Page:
your huddled masses yearning to breathe free.
The wretched refuse of your teeming shore.
Send these the homeless, the tempest to me.
I lift my lamp beside the golden door!”
By Emma Lazarus, from The New Colussus
These powerful words are inscribed on the pedestal on which the Statue of Liberty rests. As our country begins yet another new chapter, these words are a refreshing reminder of the power and responsibility of being an American. They also serve as a reminder to give thanks, even in times of hardship and personal challenge, for the opportunities that truly only America can offer.
The Statue of Liberty holds a special place in my heart as I am sure it does for many Americans. My grandmother and grandfather immigrated here from Ireland. I grew up listening to my grandmother share stories about being aboard ship and seeing the Statue of Liberty for the first time. My grandmother immigrated here because of the American Dream. Being the youngest of a potato farming family during the Great Potato Famine, she was some way a part of that “wretched refuse” and the journey here definitely made her tempest-tossed. She was by all means looking for opportunities.
These wise words penned by Emma Lazarus are indeed inscribed on the Statue of Liberty’s pedestal. While we all know that Lady Liberty was a gift from France, many do not know how the large pedestal on which the Statue rests was constructed.
Residents of Manhattan were asked to donate ten cents to help fund the construction of the pedestal. The pedestal would provide a base for the statue to rest and it would elevate it so it could be seen from great distances. The work would take months to complete and was very expensive. Nearly all residents were eager to donate to this worthwhile cause, but there were some who saw this endeavor as a waste of time and money.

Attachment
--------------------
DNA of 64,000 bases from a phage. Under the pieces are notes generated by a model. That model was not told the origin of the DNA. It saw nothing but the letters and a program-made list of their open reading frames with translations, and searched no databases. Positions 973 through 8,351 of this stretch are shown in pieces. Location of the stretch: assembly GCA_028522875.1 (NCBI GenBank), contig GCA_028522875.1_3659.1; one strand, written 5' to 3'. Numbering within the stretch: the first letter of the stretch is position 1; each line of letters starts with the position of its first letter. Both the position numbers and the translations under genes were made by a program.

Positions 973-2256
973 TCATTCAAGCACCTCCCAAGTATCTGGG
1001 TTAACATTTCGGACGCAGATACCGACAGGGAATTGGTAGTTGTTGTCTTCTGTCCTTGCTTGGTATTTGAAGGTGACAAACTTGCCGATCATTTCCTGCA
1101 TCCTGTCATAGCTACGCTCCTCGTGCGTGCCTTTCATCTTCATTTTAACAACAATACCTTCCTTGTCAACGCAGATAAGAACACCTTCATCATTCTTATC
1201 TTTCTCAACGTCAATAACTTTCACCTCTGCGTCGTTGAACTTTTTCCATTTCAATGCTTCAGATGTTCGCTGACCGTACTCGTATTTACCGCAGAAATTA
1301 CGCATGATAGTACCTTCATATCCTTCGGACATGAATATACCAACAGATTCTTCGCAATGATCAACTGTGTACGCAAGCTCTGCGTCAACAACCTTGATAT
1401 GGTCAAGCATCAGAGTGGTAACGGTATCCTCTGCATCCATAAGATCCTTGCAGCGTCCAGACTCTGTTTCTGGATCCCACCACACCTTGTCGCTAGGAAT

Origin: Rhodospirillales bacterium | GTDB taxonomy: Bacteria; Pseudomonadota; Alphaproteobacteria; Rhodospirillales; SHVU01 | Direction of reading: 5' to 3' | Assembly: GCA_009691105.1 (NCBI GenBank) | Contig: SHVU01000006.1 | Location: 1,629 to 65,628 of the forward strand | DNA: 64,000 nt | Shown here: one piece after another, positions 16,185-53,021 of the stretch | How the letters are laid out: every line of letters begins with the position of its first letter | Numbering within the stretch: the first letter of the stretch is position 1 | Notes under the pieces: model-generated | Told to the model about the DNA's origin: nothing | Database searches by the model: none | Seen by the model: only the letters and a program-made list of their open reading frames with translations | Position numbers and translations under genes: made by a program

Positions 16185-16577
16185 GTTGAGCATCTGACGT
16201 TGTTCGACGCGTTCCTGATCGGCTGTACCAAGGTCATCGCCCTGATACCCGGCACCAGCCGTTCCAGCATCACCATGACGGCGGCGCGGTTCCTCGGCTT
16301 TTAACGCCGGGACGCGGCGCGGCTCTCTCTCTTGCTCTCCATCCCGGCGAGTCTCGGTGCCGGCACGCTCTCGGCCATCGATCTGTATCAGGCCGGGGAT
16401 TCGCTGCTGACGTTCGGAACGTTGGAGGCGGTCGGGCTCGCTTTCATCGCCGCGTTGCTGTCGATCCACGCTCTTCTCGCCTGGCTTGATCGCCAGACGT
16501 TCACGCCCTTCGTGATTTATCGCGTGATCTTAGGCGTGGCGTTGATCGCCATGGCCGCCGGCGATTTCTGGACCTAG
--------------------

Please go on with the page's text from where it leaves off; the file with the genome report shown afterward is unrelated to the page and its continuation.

One such man complained about the fundraising for the pedestal. Like an Ebenezer Scrooge, he refused to donate and found fault with everyone who gave money to the project or helped to organize fundraisers.
It is important to note that no one had seen the Statue of Liberty yet. It was in a warehouse in pieces. They had read about it and seen pictures, but it had not yet been assembled in the United States. Everyone was anxious to donate and see this amazing work of art and beacon of freedom assembled. It was quite difficult, however, for this stingy character to visualize the majesty of this ten story statue, and so he never donated to the fund for the pedestal, not one dime.
Some time after the construction of the pedestal and the assembling of the statue, the man’s grandson begged him to go and see the statue. He tried to refuse, but couldn’t. Upon arriving at Ellis Island, the man was in complete awe of Lady Liberty. He was literally speechless. The statue’s size and grandeur, as well as the sense of freedom it conveyed overwhelmed him. Eventually the man and his grandson ascended to the top of the observatory inside Lady Liberty’s crown. With a tear of shame running down his cheek, the man took a silver dollar from his pocket and jammed it into a small opening he discovered. He could not stand knowing that he was not part of something so wonderful. He was unable to visualize what could have been.
Do not be like this man in Arthur Miller’s wonderful story, Grandpa and the Statue. Answer the call to lead and make a difference in the lives of others. Our life is brief, but the contributions we make and the roles of leadership we choose are timeless.
Kelly is an inspirational speaker, author, and artist. Please visit our website to book Kelly for your next event. www.kellycroy.com firstname.lastname@example.org 1-800-831-4825